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FAQ LEGEND

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Soft & Spongy Brakes Questions

A. The most common causes of soft, spongy brakes are:

  • Air in the brake lines - A leak somewhere in the brake system can allow air into the system. Because air compresses, it applies less pressure to the brakes than hydraulic fluid normally does. The result: you need to press your brake pedal further down toward the floor. The solution? One or more Brake Fluid Services may be needed to remediate the issues.
  • Brake adjustment problem - Brakes should automatically adjust as they wear down, but this self-adjusting function can fail. The solution? Brake shoe service.

Either way, a Brake Inspection is the first step to making your mushy pedal feel normal again.


A. While most spongy brakes are caused by some kind of brake fluid problem, there are several parts of your brake system where that leak or pressure disruption could originate.

Spongy brake causes that can be fixed with routine maintenance include:

  • Low brake fluid - A common cause of spongy brakes. Brake fluid levels fall over time (even without leaks), and air enters your brake lines to fill the void. If there's no leak involved, bleeding the brake lines (draining enough fluid to evacuate the air) and topping off the fluid will restore proper hydraulic pressure.
  • Moisture in the system - When there is too much moisture in the system, the brake fluid can get too hot and cause what is known as a brake pedal fade. The solution? Test the brake fluid and replace if needed.

Spongy brake causes that need diagnosis and repair include:

  • Leaking brake fluid
  • Master cylinder failure - this part must be working perfectly to deliver correct pressure from the pedal to the brakes.
  • ABS hydraulic assembly problems
  • Leaking calipers (on disc brakes)
  • Brake shoe adjustment problems (on drum brakes)

From the master cylinder to the calipers and brake shoes, Midas technicians know all the places where spongy brakes start. We'll tell you what needs work now (and what can wait), and provide a written estimate before making any repairs.


A. Air compresses (unlike hydraulic brake fluid), causing the brake pedal to feel spongy. But air in the brake lines is also a symptom of several other brake problems, from worn braking system parts to brake fluid leaks. Some of these problems can lead to brake failure, so early diagnosis of any change in brake response is a very important road safety measure.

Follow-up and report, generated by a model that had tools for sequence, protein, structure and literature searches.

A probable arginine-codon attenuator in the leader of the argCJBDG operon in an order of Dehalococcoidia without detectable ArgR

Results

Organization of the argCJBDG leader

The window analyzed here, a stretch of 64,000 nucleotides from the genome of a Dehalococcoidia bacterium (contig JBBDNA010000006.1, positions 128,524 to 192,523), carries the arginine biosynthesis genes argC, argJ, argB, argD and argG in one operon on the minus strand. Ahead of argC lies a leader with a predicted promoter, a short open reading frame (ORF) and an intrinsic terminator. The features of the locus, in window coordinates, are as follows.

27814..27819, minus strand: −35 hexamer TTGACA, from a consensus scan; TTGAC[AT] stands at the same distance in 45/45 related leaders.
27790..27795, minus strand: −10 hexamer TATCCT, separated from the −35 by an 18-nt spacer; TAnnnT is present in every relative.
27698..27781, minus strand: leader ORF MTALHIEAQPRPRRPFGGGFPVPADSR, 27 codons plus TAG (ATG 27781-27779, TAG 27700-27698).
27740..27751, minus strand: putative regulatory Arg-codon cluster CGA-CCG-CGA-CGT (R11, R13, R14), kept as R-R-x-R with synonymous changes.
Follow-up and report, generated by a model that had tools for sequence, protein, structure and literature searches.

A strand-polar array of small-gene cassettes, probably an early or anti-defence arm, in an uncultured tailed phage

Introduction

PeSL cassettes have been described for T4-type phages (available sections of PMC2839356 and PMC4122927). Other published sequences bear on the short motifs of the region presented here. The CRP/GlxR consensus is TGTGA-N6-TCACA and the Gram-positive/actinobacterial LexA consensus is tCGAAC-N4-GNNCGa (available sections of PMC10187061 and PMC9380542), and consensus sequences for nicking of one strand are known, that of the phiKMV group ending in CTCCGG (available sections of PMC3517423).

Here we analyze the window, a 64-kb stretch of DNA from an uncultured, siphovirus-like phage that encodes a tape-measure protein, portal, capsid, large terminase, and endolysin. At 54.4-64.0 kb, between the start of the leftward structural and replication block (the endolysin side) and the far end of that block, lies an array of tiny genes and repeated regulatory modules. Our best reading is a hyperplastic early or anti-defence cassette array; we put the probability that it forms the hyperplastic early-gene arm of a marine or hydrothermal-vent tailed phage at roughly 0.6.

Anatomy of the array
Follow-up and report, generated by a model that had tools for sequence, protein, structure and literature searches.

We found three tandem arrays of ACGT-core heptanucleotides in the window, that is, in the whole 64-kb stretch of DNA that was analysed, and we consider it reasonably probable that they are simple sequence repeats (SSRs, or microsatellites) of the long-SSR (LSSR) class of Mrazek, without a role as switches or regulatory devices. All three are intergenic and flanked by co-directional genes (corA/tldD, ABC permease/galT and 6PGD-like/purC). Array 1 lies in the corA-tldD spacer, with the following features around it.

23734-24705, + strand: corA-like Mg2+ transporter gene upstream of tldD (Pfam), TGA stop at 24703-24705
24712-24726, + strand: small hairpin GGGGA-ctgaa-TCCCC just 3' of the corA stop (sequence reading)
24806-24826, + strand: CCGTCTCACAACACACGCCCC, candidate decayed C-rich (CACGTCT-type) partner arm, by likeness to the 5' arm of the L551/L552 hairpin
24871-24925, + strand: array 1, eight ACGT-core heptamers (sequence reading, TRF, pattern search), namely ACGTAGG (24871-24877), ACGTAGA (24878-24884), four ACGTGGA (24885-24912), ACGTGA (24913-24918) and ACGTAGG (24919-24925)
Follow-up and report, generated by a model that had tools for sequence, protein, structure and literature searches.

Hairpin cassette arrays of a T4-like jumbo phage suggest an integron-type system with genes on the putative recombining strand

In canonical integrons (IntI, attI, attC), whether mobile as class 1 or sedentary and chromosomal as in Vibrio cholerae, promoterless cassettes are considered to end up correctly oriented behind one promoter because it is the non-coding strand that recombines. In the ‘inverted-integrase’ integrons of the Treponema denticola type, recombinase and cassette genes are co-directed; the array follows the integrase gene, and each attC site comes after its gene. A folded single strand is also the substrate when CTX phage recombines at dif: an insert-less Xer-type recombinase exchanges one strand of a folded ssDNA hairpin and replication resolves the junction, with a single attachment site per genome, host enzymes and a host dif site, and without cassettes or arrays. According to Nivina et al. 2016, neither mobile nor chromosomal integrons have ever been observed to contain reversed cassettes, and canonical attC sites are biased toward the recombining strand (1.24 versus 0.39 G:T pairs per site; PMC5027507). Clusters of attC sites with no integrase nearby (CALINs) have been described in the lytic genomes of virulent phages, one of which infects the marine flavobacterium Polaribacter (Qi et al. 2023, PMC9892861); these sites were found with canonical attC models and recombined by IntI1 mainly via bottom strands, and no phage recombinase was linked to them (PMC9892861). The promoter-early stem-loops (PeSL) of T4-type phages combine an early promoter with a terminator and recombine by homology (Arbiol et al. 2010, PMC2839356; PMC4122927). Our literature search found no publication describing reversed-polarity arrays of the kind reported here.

A. The first thing you'll feel with air in your brake lines is a soft, spongy, or mushy sensation in your brake pedal. If your brake pressure keeps dropping, you'll need to press your brake pedal further and further toward the floor of your vehicle. If the air in your brake lines is due to a brake fluid leak, your brakes could eventually fail. That's why you should have your brakes checked as soon as you feel any difference in your brake pedal or brake response.


A. Spongy brakes are one of several symptoms of a bad master cylinder -- when the cylinder's seals are too worn to maintain pressure from the brake pedal to the brake lines.

Let's quickly review how brakes work. Pressing the brake pedal pushes the fluid in your master cylinder through the brake lines to exert hydraulic pressure on the brakes. This pressure brings the brake pads or shoes into contact with the rotors and/or drums, creating friction that slows down and stops your vehicle.

Have your brakes checked as soon as you notice any of these symptoms that may point to a bad master cylinder (as well as other serious car problems):

Soft or spongy brakes

Hard of stiff brakes

Leaking brake fluid

Brake pedal falls to the floor when applying pressure


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